Many years ago, in the nineties of the last century, there was a big explosion in Chennai, in the first week of May, an explosion of theatre activities. Forty plays in fifteen days at the same venue, two plays a day, and three on Sundays, is no mean achievement. Quantitatively that is ‘aesthetic abundance’ for you.
The sponsors of the dramatic deluge, if I remember correctly, it was called Nataka Academy had this democratic concept in mind, when they organized this show, to bring the ‘minority theatre; and ‘majority theatre’ under one roof, literally and metaphorically.
The ‘serious plays’, as they were fancied, were to start at 5.45 pm to be followed by the ‘popular shows’ at 7.30 p.m. The idea was the ‘committed’ audience for each can get exposed to the other, if they choose to see both.
The categorization itself proved disastrous and counter-productive as the hall presented an empty look for the first part, what with ‘open-minded’ many yet to muster courage to sit through a ‘serious’ play.
Waiting for the audience (not for Godot) the ‘serious’ play started invariably late, and the ‘committed’ majority for the unpretentious popular stuff would occupy the empty chairs, when the ‘high brow happening’ was still on. Having no clue to what was going on the stage- every character stretched pronouncing each word in what appeared to be the most unnatural and archaic accent, the audience became restive and did not hesitate to give expression to their reaction in no uncertain terms. The organizers had planned a ‘matrimony’ between ‘popular’ and ‘serious’ theatre but what ultimately happened was the minority was minority and the majority was majority and the twain never met.
It escapes explanation why the ‘serious’ theatre guys acceded to the proposal for putting up their performance just before the regal pageantry of the comedy shows; one following the other, so soon. There is no denying the fact that even the committed few followers of the parallel theatre, after a heavy dose of ‘seriousness’ doled out to them by the preceding performance, stayed back to enjoy the comedy kings, with a willing suspension of their critical faculties, just to relax in the atmosphere of overwhelming insanity.
It is not being uncharitable to the parallel theatre. Dissent is born out of strong conviction and it has to have distinctive character and identity. In the West, the leaders of the parallel theatre movement are totally dedicated to the cause and even, if they fail in their performance, their sincerity is in evidence. One cannot be so sure of the sincerity and application of most of the avant-garde theatre persons, except in the case of a few rare exceptions, in Tamil Nadu.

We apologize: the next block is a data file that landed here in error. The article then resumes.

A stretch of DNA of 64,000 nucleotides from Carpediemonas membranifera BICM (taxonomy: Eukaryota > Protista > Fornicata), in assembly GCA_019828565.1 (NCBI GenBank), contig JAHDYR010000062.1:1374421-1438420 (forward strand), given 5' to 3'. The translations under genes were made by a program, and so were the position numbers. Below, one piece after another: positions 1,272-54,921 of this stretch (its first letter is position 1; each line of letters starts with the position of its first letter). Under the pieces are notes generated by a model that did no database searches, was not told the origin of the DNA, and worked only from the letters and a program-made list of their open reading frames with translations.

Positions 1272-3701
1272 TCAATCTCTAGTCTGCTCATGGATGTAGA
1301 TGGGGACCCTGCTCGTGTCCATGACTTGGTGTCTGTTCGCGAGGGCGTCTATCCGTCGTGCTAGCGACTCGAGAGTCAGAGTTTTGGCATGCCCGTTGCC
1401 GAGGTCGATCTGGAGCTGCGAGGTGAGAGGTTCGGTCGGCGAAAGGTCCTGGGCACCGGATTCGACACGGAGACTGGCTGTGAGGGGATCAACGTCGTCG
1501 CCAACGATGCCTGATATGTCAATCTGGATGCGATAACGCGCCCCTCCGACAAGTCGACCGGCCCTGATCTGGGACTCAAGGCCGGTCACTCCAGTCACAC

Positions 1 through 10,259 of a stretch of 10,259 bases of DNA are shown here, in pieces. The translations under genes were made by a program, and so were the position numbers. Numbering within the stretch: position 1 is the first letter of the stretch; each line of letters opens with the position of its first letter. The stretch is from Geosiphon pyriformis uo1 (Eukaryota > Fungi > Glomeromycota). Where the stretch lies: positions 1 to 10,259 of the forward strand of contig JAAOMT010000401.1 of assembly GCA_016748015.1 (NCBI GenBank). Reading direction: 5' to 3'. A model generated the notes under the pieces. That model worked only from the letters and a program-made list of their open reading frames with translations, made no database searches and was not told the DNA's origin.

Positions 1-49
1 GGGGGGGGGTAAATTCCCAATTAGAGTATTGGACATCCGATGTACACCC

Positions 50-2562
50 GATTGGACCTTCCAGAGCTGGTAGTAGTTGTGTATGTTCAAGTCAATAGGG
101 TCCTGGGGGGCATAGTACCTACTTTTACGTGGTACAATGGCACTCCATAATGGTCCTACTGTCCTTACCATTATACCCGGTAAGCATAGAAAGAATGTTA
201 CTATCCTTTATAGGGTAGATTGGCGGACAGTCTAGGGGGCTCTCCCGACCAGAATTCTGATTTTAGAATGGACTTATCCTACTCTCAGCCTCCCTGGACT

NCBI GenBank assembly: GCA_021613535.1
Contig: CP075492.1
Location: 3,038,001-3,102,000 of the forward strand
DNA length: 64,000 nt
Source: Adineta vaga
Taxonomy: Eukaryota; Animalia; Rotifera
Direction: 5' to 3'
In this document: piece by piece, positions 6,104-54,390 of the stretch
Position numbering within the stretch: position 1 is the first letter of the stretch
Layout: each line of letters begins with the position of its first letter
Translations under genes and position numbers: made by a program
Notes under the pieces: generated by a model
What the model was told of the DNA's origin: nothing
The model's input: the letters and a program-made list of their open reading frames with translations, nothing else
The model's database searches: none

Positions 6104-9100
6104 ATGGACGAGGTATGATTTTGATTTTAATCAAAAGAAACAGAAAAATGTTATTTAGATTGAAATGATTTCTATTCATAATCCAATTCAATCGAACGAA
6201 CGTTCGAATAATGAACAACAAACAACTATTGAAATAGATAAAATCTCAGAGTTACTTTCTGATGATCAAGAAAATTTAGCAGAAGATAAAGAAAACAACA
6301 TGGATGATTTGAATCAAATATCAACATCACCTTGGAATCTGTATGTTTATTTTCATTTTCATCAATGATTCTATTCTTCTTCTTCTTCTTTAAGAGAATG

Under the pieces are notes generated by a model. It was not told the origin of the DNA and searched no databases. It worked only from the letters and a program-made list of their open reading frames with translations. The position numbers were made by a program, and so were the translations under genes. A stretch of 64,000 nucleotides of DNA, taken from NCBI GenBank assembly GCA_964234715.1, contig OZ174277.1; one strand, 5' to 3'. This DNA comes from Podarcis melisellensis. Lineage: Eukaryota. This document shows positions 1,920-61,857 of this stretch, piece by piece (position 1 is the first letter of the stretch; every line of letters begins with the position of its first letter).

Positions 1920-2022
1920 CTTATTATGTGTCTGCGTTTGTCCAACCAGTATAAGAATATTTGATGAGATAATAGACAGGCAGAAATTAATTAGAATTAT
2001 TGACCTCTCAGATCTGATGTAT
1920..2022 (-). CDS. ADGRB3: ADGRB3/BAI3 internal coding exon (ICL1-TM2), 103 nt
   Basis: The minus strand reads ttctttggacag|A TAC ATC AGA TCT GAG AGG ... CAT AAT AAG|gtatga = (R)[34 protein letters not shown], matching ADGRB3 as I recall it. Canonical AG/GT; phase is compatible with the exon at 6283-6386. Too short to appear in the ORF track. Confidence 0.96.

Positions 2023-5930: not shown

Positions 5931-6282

Mostly it seems to be an elitist exercise or pampering one’s own ego that one is different from the rest. Under such circumstances, it is no surprise that an average theatre-goers’ preference is ‘for the old and familiar hat’. Theatre, being a social institution, it has to communicate.
In the west, a Brecht, a Beckett and Ionesco are all tall figures in their respective theatrical forms, because they were ‘ideologically charged’ and they had strong convictions. Most of the self-styled avant-garde theatre practitioners in our country do not have any basic artistic or ideological compulsion to make their own statement or stamp their signature by presenting a theatre that could confirm their identity. Most of them are pale imitations of the modern western plays, totally unrelated to our cultural heritage of the past.
In our theatrical tradition, music constituted the intrinsic part of the performance. A good theatre director, in my view, should be well-versed in all our past classical as well as folk theatre forms to get them integrated elegantly with a visionary conceptualization of modern theatrical production.
‘Silappadikaram’, though it is called an epic, is the finest example of a total theatre, blending classical and rural music and dance forms, obtained in all the regions of Tamil Nadu strongly supporting an excellent story of an ordinary woman challenging a king seeking justice for her husband, who has been put to death by a royal blunder. Those who perform ‘Silappadikaram’ as a music and dance theatre fail to do justice to the dramatic story line, to bring into focus every character of the story that has been subtly and beautifully portrayed by the dramatist.
Let us look forward to a Peter Brook emerging from Tamil Nadu to project this play in its multi-dimensional format that would be the finest illustration of modern Tamil theatre to give us a great theatrical experience.